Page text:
And one day, her mom has had enough. The whole point of this story was to share not only my childhood, but other little girls' childhoods with the world. I'm hoping other little girls and their families can connect with the story.

It's also controversial, though. Depending on one's culture, background and upbringing, you may or may not enjoy it. The things that I've gone through and all the different ways I've learned to problem-solve are reflected in this book.

How has being a mother influenced your career as a mental health specialist, as well as an author?

They've changed me a whole lot. I see things completely different from when I was a young careless girl. I've had to restrict myself a great deal, like some of the things I do and say, because I know that I'm being a role model for these children.

The moment you have your child, you see the world differently. You become a role model the moment you become a parent. I want my children to look up to me and know that they can do anything they put your minds to. I strive to be a positive role model for them.

Tell us about We Blend Well Together. What was the impetus to write that?

I came from a single parent home. We Blend Well Together centers around a 9-year boy who's confused because he's entered a new family dynamic. He doesn't understand the whole step-mom and step-dad thing. He inquires with his mom about all these new people in his life. His mother sits him down and says, "You have extra support now. You not only have me, but an extended family."

This book focuses heavily on families accepting one another and learning to accept new family dynamics.

I love the title of your newest book A Fat Girl's Confidence. What was the motivation behind this book?

I have truly gone through a journey with my weight. I've developed this confidence in myself and I've managed to work with what I have. In this book, I address all the women who have ever suffered with any type of self-esteem issue. I talk about relaxing and taking a day off. I discuss different self-esteem boosters, different things to do that make us feel beautiful, like the queens we are.

People can give us so much negativity that we actually begin to believe them. We feel like we are nothing, like we're sad and ugly and not worthy. In my book, I discuss various relaxation techniques. I also talk about how important it is to relate to and affirm one another. It's really important to engage in activities that boost self-esteem.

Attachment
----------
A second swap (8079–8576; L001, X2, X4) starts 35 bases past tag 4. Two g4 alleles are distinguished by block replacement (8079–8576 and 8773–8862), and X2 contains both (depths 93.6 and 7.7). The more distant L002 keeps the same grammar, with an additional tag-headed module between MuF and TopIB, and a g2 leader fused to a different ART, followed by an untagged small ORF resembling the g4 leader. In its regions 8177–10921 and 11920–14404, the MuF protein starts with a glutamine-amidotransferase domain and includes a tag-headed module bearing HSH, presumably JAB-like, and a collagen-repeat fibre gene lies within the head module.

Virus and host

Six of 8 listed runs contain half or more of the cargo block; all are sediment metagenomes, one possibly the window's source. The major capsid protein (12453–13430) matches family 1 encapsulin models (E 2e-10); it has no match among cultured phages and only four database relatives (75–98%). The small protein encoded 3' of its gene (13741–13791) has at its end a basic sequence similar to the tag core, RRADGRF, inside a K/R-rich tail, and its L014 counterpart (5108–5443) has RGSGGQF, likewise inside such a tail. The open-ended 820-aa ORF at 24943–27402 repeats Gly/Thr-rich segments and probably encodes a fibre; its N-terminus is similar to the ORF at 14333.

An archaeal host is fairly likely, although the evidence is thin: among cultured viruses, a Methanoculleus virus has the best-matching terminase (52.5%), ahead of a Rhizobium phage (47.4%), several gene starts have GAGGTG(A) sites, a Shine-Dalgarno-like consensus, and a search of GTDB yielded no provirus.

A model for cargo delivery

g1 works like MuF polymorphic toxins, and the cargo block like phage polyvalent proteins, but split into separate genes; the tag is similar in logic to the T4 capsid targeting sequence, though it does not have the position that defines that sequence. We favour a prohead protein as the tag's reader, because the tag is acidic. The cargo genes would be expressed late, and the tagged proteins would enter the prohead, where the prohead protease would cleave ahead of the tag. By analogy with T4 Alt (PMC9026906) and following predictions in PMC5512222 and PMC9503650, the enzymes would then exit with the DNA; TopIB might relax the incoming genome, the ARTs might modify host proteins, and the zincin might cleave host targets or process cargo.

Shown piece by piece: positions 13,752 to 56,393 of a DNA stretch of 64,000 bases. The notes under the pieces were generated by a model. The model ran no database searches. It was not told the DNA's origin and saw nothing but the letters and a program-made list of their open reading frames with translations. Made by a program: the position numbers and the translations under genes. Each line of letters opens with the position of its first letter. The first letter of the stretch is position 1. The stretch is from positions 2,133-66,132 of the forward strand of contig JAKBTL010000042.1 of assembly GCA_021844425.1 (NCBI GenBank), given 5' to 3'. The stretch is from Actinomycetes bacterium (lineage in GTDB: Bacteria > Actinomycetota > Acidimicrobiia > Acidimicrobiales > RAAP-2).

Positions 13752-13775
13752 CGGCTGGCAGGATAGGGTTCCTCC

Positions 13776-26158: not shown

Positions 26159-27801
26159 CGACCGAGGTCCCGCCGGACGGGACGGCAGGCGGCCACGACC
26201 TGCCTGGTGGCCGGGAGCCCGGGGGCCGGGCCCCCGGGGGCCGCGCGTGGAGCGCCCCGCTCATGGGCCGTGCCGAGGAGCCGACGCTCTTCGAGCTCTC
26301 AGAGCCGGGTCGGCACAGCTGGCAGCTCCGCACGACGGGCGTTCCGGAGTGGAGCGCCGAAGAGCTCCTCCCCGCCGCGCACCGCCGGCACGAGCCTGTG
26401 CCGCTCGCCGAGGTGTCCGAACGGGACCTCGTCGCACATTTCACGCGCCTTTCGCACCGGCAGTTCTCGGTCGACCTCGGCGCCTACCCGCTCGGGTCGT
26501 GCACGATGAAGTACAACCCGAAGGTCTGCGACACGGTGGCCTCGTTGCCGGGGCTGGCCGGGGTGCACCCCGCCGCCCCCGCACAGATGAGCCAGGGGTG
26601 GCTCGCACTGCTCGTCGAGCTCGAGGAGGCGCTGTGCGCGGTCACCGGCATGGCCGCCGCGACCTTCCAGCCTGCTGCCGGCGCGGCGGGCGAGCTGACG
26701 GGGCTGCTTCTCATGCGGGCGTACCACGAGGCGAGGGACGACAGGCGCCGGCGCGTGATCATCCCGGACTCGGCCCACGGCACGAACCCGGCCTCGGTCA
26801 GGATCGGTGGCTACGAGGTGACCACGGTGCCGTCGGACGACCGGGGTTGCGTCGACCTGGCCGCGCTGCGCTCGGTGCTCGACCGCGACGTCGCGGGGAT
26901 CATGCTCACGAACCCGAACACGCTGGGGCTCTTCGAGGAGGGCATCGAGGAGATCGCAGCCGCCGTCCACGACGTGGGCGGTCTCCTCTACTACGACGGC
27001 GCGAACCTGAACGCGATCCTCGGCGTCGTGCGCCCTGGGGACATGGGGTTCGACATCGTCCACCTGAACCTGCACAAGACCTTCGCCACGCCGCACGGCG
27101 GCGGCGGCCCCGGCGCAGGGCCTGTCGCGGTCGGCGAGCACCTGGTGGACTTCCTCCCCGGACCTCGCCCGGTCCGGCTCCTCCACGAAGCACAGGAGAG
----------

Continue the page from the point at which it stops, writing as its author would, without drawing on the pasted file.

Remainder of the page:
That sounds great! When can we get our hands on your newest book?

I'm thinking of releasing it in January 2019 because people are going to be wanting to lose that holiday weight. But, sadly, what happens when people don't lose that weight? Self-esteem will lower. Self-confidence will go down. That season will be the perfect time for me to promote positive self-talk.

My other project is ready, and it's a book called Mental Health Jungle. It's geared towards anybody who wants to enter into the helping profession. This book will give you an insight into the reality of the mental health field. I talk about my journey and all the struggles I've encountered.

That's why I call it a jungle: It is not an easy job. We are out there in the field dealing with people and their crises, and it's not a simple 9 to 5 profession. We need to take it seriously and get good insight into what mental health is. Mental Health Jungle will address all these things.

If someone were to write a children's book based on your life, what would it be called?

[Laughing] It would be colorful. It would probably be called something like, Oh, Patrice!, or It's Patrice Again! or Why Is She Doing That Again?

When I was a girl, I constantly did anything and everything I wanted to do. Have you ever noticed how children are freer than anyone else in the world? My character would be like Woody the Woodpecker.

[Laughing] Really? Why Woody the Woodpecker?

He was always doing something. He was sneaky, he was always agitating someone. Dennis the Menace, too. I am confident my principal still remembers me to this day. My parents were tired. They felt like they mastered something if I managed to walk across the street.

But, see, that's when I realized I had to show people that I am not who they think I am. That has been what has lifted me up. I've always strived to be different from what others think of me.

I have changed so much. I lead with positivity these days. I love to look at aspects in people lives that aren't perfect because unfortunately, that's what people are striving for: Perfection. But, that's just not attainable. We all have flaws. When I serve people, I say to them, "Don't look to me like I'm a perfect role model. Look at me like someone who has imperfections and challenges too."

That was the whole point of Secrets of a Crazy Mental Health Counselor. So many people hold back their true thoughts and feelings because of fear. I wanted to take off my mask. I was happy to share my personal experiences. I feel like people can relate to you better if you are your true self. I've had the chance to not only grow and change, but build a positive rapport with clients based on the disclosures I've made about my own life.

Patrice Shavone Brown's unabashed authenticity has allowed her to become a successful entrepreneur and author. She has published several books, all flavored with her distinct sense of boldness and poise.

To follow Patrice on her ever-evolving journey, please visit her website at

Back to Health and Fitness
Hollywood, CA

Home | Actors/Models | Art | Books | Dining
Film & Video | Food & Wine | Health & Fitness
MediaWatch | Money and Business | Music | Profiles
Professional Services | Sports | Style & Fashion
Technology | Theatre | Travel & Leisure

Copyright 1995 - 2021 (on line) and in Magazine (in print)
are published by in! communications, Inc.

Advertiser Info
Subscription Form
Contact Us